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dave

Adobe rep says, "Go Screw yourself Apple!" Huh?

Has anyone had the chance to read Lee Brimelow's (Platform Evangelist at Adobe) latest post over at The Flash Blog [1]? There's been a lot of back and forth discussion about it on a number of blogs today. If you haven't seen it yet, he wrote about Apple's restrictions on applications not written in Objective-C, C, or C++, specifically referring to section 3.3.1 of the iPhone Developer Program License Agreement:

"3.3.1 — Applications may only use Documented APIs in the manner prescribed by Apple and must not use or call any private APIs. Applications must be originally written in Objective-C, C, C++, or JavaScript as executed by the iPhone OS WebKit engine, and only code written in C, C++, and Objective-C may compile and directly link against the Documented APIs (e.g., Applications that link to Documented APIs through an intermediary translation or compatibility layer or tool are prohibited)."

Brimelow's post — which has been updated to highlight the fact that his opinion does not represent the views of Adobe — opens up on Apple and viciously attacks their stance towards application development. Brimelow writes:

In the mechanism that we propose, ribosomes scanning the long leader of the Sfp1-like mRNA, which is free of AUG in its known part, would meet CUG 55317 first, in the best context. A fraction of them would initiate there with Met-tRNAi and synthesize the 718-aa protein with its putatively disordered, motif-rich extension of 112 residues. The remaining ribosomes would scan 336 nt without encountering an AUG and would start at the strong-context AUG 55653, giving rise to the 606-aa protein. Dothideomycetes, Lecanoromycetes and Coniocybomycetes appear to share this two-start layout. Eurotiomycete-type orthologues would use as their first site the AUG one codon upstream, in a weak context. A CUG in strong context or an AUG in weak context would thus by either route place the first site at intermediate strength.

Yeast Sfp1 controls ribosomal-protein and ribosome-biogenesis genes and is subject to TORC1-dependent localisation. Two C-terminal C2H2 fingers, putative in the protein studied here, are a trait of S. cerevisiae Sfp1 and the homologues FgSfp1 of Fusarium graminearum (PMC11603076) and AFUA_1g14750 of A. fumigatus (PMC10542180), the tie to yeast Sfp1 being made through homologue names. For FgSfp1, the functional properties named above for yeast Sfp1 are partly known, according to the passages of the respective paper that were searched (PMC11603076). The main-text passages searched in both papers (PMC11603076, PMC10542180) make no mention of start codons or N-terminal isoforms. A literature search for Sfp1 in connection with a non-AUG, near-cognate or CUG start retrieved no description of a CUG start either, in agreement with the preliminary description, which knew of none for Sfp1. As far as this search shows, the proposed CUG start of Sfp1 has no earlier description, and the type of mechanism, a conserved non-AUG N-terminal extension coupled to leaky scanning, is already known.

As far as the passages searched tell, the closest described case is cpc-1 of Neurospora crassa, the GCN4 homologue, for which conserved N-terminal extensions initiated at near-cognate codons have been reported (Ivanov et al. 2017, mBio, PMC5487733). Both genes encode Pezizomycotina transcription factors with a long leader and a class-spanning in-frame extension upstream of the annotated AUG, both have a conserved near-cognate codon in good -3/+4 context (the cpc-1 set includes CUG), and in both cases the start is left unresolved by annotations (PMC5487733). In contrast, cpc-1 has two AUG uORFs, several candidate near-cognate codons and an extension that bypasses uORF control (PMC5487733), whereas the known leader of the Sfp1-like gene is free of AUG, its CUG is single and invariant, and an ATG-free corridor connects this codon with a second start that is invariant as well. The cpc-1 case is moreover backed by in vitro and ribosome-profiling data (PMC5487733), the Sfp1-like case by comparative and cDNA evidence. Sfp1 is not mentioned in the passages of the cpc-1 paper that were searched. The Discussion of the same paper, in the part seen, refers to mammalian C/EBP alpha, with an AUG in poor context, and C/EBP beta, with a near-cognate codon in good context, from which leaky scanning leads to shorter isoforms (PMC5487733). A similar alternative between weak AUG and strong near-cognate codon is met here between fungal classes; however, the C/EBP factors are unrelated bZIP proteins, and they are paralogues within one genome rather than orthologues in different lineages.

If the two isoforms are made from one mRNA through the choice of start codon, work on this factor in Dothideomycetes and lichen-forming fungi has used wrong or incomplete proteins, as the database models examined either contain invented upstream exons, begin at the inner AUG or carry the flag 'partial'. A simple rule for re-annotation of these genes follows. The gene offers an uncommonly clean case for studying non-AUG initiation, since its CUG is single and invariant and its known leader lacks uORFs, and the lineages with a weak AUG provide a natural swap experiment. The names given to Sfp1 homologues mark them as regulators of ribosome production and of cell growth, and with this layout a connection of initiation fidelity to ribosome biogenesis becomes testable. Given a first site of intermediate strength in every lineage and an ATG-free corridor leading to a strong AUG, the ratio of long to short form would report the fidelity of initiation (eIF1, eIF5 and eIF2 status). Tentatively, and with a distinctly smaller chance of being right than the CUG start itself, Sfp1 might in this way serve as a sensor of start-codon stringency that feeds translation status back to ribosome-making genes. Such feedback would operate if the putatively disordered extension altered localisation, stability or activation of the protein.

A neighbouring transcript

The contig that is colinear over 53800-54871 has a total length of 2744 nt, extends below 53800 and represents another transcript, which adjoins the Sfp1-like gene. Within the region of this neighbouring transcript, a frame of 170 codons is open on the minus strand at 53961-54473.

"What they are saying is that they won’t allow applications onto their marketplace solely because of what language was originally used to create them. This is a frightening move that has no rational defense other than wanting tyrannical control over developers and more importantly, wanting to use developers as pawns in their crusade against Adobe. This does not just affect Adobe but also other technologies like Unity3D."

Sadly, I think Brimelow is overreacting in his piece and being a bit disingenuous. This update to the license agreement strikes me less as an assault on Adobe specifically, than as something that is meant to insure high quality, native applications written on Apple's mobile devices. There are a number of other logical reasons one would want to prohibit cross-platform compilers — admittedly, a competitive advantage might be one of them.

John Gruber, at Daring Fireball, brought up some interesting points today[2]:

"Cross-platform software toolkits have never — ever — produced top-notch native apps for Apple platforms. Not for the classic Mac OS, not for Mac OS X, and not for iPhone OS. Such apps generally have been downright crummy.

[...]

Consider, for one example, Amazon’s Kindle clients for iPhone OS and Mac OS X. The iPhone OS Kindle app is excellent, a worthy rival in terms of experience to Apple’s own iBooks. The Mac Kindle app is a turd that doesn’t look, feel, or behave like a real Mac app. The iPhone OS Kindle app is a native iPhone app, written in Cocoa Touch. The Mac Kindle app was produced using the cross-platform Qt toolkit."